Engage Cuba, USACC Expand State Analysis on Benefits of Industry Trade with Cuba

WASHINGTON – Today Engage Cuba, the leading coalition of private businesses and organizations working to end the travel and trade embargo on Cuba, released a comprehensive report on the benefits that increased agriculture trade between the U.S. and Cuba could bring to six states: Alabama, Indiana, Iowa, Mississippi, Missouri, and North Dakota. The report, released in conjunction with the U.S. Agriculture Coalition for Cuba (USACC), is the second analysis by Engage Cuba on the state specific benefits that U.S. agribusiness stands to gain in future trade agreements with Cuba.

The report highlights agricultural products exported by states, including rice, poultry, soy, corn, and wheat. These products, which are currently imported by Cuba from other countries, could experience significant growth should the embargo with the Island be lifted.

"The latest report shows that U.S. agribusiness is continuing to lose market share in Cuba due to our own policies that prevent U.S. businesses from extending credit to Cuba for agricultural goods. U.S. farmers and agribusiness are at a competitive disadvantage, and as a result, the U.S. has slipped in its ranking to the 5th supplier of agriculture exports to Cuba," said President of Engage Cuba, James Williams. "This report shows, yet again, how congressional failure to act is not only hurting U.S. farmers who are unable to compete in Cuba's growing market, but also Cubans who rely on imports for up to 80% of their agricultural needs.

Key findings from the report include:

·         Alabama: Alabama is the number two U.S. exporter of poultry, with broiler meat exports making up almost one-third of the state’s total agricultural export value. As a top exporter, Alabama stands to gain from the increasing trend since 2000 in Cuba’s poultry imports.

·         Indiana: Indiana is the number three soybean exporter among U.S. states, totaling more than $2 billion in FY2014—35% of the state’s agricultural exports. Soybeans and soybean meal will be increasingly important for Cuba’s agricultural imports as its livestock sector develops in the longer term.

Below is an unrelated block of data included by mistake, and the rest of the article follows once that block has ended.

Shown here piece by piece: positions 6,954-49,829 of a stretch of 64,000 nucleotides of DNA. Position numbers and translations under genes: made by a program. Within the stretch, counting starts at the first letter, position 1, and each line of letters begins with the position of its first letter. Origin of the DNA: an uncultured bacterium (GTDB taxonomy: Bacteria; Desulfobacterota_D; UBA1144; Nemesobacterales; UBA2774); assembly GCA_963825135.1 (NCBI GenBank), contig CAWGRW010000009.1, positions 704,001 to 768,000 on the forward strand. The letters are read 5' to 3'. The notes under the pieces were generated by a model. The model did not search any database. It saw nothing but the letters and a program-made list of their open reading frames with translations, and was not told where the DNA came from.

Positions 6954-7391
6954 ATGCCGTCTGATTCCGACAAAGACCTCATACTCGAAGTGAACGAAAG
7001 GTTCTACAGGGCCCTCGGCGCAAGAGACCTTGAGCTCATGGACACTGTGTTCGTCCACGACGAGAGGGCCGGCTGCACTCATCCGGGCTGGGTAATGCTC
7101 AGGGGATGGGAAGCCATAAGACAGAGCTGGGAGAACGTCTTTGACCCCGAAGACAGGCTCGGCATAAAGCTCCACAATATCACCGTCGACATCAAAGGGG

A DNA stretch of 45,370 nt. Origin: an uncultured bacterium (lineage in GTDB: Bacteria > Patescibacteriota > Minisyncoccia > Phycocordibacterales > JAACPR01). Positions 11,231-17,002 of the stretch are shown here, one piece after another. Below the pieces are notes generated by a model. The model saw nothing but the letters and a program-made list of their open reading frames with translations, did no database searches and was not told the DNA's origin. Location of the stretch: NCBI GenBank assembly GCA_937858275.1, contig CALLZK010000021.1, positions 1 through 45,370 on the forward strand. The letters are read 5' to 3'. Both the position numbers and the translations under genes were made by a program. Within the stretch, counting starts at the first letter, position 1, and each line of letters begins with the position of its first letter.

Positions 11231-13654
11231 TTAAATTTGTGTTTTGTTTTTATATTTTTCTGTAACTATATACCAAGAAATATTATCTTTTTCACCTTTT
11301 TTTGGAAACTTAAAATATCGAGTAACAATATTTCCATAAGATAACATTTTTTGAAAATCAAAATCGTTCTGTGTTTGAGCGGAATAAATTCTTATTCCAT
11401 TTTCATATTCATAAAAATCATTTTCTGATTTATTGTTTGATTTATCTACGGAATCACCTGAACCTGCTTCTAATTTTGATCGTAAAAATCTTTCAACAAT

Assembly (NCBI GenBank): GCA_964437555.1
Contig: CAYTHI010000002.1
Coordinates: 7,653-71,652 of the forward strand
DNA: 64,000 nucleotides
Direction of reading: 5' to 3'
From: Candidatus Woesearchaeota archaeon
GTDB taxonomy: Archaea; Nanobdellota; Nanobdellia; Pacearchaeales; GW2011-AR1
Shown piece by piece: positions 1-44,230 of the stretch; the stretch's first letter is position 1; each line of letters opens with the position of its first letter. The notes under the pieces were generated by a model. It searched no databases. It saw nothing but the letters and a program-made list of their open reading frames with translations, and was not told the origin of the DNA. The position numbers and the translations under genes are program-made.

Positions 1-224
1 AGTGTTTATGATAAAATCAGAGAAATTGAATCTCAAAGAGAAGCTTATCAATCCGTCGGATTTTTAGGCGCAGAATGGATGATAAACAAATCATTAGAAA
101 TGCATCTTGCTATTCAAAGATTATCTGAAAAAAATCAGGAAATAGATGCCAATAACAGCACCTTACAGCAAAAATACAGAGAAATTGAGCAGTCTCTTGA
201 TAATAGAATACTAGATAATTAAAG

·         Iowa: Iowa is the second largest exporter of U.S. agricultural products in the country. With increases in tourism and large demand from Cubans for these products, Iowan agribusiness and its top exports of soybeans, soybean meal, and feed grains stands to gain millions in increased exports.

·         Mississippi: Mississippi is the fifth-largest poultry exporter and stands to gain from the increasing trend in Cuba’s poultry imports. Lifting the embargo with Cuba would allow Mississippi to take back market share in poultry exports from international competitors such as Brazil.

·         Missouri: Missouri’s top export, soybeans, is in high demand in Cuba. The Island imports more than $250 million in soybean products, which could come from Missouri if the embargo were lifted.

·         North Dakota: North Dakota is the top exporter of U.S. wheat, which was one of the top agricultural exports to Cuba prior to the embargo.

The first Engage Cuba agricultural report, released in March in conjunction with USACC, detailed the benefits of expanded agriculture trade for Arkansas, Georgia, Illinois, Kansas, Louisiana, Minnesota, Nebraska, Ohio, Tennessee, and Texas.